+- - - - - - - - - -+      Yeti Resolvers      |
                           |     (with Yeti Hint)     |

   Figure 1.  The topology of Yeti testbed

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3.1.  Distribution Master

   As shown in figure 1, the Yeti Root system takes the IANA root zone
   and performs minimal changes needed to serve the zone from the Yeti
   root servers instead of the IANA root servers.  In Yeti, this
   modified root zone is generated by the Yeti Distribution Masters
   (DM), which provide it to the Yeti root servers.

   So the generation process is:

   o  DM downloads the latest IANA root zone at a certain time

   o  DM makes modifications to change from the IANA to Yeti root

   o  DM signs the new Yeti root zone

   o  DM publishes the new Yeti root zone to Yeti root servers

   While in principle this could be done by a single DM, Yeti uses a set
   of three DMs to avoid any sense that the Yeti project is run by a
   single organization.  The three Distribution Masters (DMs) can
   independently fetch the root zone from IANA, sign it and publish the
   latest zone data to Yeti root servers.

   In the same while, these DMs coordinate their work so that the
   resulting Yeti root zone is always consistent.  There are two aspects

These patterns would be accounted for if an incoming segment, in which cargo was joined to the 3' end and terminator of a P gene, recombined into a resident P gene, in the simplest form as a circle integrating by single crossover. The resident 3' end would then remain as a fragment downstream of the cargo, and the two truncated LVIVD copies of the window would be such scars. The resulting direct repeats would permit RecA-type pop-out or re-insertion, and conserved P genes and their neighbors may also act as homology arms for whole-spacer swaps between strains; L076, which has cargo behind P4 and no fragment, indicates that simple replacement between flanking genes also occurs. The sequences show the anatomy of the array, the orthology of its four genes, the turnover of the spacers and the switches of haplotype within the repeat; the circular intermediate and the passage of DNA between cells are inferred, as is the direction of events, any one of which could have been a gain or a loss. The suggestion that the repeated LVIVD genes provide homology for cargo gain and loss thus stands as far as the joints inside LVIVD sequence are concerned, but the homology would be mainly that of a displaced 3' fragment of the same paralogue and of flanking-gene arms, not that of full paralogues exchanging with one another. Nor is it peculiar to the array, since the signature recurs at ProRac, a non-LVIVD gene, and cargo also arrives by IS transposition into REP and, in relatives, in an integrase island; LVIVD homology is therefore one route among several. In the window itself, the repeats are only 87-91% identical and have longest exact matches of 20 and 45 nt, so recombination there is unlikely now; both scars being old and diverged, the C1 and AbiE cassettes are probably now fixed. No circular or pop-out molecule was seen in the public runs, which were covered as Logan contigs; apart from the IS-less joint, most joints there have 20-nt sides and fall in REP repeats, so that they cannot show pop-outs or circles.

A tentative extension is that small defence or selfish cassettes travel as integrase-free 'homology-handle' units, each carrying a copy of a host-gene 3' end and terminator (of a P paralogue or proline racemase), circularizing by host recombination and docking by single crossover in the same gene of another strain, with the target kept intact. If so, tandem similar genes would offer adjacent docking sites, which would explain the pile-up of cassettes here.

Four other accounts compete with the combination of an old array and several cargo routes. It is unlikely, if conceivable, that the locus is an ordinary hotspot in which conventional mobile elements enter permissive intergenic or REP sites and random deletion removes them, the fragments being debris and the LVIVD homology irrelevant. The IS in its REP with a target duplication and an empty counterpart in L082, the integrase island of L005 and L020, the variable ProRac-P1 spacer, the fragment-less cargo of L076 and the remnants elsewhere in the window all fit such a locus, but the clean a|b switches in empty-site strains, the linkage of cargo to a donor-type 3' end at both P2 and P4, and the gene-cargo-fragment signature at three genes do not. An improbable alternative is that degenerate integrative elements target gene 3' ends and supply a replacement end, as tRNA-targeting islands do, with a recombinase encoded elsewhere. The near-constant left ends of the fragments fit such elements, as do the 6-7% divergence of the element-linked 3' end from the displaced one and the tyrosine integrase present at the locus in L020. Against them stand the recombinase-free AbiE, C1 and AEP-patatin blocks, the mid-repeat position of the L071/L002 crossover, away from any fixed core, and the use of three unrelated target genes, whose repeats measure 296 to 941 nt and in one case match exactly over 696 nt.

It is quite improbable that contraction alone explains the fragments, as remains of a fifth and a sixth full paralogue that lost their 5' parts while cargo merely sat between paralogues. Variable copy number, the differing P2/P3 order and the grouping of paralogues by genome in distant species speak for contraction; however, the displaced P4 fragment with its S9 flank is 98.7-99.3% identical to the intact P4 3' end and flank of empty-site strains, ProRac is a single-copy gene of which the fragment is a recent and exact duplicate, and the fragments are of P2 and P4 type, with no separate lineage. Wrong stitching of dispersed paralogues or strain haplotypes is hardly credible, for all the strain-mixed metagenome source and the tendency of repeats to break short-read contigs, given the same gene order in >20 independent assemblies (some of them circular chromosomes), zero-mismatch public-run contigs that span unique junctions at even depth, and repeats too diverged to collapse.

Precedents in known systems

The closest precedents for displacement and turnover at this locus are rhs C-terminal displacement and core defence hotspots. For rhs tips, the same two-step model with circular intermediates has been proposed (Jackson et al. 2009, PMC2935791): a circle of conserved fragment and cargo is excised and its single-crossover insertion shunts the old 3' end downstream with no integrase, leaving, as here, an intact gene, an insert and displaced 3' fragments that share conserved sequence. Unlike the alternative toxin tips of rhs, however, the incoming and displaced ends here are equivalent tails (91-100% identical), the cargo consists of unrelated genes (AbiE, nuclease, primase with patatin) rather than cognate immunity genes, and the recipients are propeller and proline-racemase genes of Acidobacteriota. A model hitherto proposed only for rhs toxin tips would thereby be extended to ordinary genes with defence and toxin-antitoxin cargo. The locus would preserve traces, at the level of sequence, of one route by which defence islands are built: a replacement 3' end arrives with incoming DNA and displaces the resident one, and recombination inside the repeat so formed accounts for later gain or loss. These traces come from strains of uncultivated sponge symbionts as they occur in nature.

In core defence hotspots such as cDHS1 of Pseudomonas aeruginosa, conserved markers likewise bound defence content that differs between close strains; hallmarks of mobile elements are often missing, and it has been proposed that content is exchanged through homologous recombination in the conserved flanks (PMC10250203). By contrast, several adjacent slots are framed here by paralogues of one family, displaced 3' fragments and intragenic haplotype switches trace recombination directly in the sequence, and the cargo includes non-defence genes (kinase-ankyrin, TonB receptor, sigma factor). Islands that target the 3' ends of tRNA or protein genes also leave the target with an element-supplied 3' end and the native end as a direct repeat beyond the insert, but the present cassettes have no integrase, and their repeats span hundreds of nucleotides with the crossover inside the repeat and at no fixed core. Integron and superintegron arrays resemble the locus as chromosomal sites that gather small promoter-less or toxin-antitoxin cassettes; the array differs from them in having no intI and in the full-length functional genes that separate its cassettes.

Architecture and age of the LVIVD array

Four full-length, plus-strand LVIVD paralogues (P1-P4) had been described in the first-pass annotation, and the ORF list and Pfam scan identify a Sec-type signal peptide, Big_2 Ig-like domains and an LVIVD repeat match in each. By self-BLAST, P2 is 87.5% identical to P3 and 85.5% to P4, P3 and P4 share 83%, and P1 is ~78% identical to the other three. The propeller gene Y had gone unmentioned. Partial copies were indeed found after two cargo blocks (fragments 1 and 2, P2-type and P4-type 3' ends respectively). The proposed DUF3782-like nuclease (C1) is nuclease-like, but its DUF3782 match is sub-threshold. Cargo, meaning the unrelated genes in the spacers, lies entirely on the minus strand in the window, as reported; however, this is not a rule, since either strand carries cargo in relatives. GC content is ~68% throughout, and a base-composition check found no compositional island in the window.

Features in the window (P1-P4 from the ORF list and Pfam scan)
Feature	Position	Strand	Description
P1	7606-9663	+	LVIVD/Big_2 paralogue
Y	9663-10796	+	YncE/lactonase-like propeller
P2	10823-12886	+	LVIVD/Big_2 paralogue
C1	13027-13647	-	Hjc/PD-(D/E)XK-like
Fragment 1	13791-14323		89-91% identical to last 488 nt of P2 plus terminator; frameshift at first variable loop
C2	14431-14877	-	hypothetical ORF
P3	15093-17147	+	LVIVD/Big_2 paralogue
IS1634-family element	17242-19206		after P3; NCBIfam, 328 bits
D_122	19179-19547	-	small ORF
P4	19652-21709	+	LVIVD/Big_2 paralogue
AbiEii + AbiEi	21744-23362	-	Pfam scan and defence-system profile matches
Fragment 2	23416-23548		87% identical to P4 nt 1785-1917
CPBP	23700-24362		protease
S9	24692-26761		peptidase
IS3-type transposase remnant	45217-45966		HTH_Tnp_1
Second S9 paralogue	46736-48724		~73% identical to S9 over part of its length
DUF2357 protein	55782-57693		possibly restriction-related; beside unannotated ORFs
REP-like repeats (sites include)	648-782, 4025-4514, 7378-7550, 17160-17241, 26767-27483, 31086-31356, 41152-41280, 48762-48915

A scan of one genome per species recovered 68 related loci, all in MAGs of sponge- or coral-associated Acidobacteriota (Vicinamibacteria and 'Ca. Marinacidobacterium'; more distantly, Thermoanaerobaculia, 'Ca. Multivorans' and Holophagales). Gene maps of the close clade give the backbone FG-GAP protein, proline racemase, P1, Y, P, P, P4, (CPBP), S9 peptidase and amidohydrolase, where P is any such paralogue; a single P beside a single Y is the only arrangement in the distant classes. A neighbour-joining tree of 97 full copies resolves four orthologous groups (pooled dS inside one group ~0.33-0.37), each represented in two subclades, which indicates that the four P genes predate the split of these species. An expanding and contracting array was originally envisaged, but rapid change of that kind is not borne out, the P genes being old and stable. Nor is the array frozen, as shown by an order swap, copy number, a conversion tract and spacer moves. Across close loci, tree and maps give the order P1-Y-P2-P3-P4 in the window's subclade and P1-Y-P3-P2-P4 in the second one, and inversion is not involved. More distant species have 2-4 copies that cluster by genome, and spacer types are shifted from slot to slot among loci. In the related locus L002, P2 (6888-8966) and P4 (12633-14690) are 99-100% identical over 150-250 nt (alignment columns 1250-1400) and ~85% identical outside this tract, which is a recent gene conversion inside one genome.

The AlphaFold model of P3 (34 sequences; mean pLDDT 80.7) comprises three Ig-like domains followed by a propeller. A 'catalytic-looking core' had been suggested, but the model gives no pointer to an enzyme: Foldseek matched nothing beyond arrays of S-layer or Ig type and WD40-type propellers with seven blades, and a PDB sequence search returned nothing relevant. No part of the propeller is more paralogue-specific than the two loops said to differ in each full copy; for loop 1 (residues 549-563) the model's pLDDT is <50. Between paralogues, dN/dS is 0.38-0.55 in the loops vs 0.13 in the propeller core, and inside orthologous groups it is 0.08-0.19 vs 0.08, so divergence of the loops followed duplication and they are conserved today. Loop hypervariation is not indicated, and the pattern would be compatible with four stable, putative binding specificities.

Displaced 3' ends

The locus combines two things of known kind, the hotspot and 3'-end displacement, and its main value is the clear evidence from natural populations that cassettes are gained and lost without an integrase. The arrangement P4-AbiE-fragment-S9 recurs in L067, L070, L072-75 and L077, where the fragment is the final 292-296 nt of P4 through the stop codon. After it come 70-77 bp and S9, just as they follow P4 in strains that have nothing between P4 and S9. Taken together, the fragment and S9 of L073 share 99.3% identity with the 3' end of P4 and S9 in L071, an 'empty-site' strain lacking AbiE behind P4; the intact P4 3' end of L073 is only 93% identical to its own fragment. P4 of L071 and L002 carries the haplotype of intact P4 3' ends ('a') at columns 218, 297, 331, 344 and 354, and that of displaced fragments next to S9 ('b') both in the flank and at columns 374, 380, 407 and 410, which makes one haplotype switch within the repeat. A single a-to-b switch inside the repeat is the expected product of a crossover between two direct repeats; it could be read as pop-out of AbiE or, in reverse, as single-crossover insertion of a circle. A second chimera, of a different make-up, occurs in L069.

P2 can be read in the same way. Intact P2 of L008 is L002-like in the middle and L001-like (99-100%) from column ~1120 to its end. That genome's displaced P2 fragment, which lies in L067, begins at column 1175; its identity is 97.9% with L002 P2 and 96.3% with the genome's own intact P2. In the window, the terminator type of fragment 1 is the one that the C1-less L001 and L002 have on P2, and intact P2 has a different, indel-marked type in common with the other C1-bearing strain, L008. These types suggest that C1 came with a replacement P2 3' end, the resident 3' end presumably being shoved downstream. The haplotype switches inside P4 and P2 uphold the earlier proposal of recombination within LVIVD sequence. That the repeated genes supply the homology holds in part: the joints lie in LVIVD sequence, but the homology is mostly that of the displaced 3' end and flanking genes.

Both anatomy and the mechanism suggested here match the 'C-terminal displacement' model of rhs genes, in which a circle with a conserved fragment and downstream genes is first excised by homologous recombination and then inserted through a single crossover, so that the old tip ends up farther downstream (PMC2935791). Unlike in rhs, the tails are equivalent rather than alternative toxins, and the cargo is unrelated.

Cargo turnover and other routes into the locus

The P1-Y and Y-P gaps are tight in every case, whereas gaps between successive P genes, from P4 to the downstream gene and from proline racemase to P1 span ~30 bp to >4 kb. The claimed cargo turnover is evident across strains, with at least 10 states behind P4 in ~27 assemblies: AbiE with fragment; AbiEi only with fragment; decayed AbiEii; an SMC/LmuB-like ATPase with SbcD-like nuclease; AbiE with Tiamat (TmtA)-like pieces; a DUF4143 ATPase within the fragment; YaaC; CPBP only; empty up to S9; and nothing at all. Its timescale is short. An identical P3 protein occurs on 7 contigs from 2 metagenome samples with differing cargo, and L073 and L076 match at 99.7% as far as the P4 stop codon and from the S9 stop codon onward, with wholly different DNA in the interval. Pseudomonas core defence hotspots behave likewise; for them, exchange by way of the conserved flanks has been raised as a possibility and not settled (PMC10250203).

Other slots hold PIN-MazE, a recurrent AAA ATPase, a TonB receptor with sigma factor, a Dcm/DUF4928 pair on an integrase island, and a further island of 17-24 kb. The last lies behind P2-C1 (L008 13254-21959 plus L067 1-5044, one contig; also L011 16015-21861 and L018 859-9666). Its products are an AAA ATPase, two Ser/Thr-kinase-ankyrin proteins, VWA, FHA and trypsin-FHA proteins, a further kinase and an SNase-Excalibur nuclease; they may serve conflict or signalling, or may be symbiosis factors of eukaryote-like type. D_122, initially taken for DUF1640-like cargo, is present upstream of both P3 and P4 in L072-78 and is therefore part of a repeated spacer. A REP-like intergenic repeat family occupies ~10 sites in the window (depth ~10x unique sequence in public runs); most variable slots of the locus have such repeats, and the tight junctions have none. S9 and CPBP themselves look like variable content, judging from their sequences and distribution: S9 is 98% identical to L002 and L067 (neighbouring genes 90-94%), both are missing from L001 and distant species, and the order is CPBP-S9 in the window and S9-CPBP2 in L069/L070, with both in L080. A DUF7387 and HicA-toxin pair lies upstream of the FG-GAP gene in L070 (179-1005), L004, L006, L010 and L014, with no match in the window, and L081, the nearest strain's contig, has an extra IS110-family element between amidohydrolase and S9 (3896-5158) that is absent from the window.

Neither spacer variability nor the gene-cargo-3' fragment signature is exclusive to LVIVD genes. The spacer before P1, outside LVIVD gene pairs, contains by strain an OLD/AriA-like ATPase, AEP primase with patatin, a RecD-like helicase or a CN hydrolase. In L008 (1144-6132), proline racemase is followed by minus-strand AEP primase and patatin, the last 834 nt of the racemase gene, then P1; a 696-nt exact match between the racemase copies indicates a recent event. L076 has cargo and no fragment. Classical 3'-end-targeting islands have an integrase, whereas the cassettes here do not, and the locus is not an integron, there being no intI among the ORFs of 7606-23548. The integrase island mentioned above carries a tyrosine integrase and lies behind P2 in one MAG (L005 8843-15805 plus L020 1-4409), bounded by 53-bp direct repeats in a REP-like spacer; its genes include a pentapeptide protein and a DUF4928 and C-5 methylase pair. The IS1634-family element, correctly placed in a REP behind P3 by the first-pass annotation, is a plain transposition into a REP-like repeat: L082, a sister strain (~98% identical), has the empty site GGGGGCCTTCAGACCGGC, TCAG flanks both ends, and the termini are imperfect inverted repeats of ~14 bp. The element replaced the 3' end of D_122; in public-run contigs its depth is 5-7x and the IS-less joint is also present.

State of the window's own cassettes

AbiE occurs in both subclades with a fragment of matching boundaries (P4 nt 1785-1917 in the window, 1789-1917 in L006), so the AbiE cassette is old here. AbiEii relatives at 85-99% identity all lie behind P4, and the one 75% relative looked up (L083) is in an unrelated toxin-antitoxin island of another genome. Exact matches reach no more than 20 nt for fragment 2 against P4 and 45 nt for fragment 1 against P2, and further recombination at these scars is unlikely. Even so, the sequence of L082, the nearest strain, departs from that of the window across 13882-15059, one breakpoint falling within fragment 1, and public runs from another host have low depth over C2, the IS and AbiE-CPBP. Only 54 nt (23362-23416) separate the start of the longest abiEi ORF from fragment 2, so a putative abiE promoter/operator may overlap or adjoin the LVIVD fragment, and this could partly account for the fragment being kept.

of coordination between three DMs: timing and information

3.1.1.  Yeti root zone SOA SERIAL

   Consistency with IANA root zone except the top level apex record is
   one of most important point for the project.  As part of Yeti DM
   design, the Yeti SOA SERIAL which reflect the changes of yeti root
   zone is one factor to be considered.

   Currently IANA SOA SERIAL number for root zone is in the form of
   YYYYMMDDNN, like 2015111801.  In Yeti root system, IANA SOA SERIAL is
   directly copied in to Yeti SOA SERIAL.  So once the IANA root zone
   has changed with a new SOA SERIAL, a new version of the Yeti root
   zone is generated with the same SOA SERIAL.

   There is a case of Yeti DM operation that when a new Yeti root server
   added, DM operator change the Yeti root zone without change the SOA
   SERIAL which introduces inconsistency of Yeti root system.  To avoid
   inconsistency, the DMs hold on every changes to Yeti apex record and

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   only new IANA SOA SERIAL will trigger the operation of adding these
   changes to Yeti root zone.

   A analysis of IANA convention shows IANA SOA SERIAL change 2 times
   every day (NN=00, 01).  And that since October 2007 the maximum of NN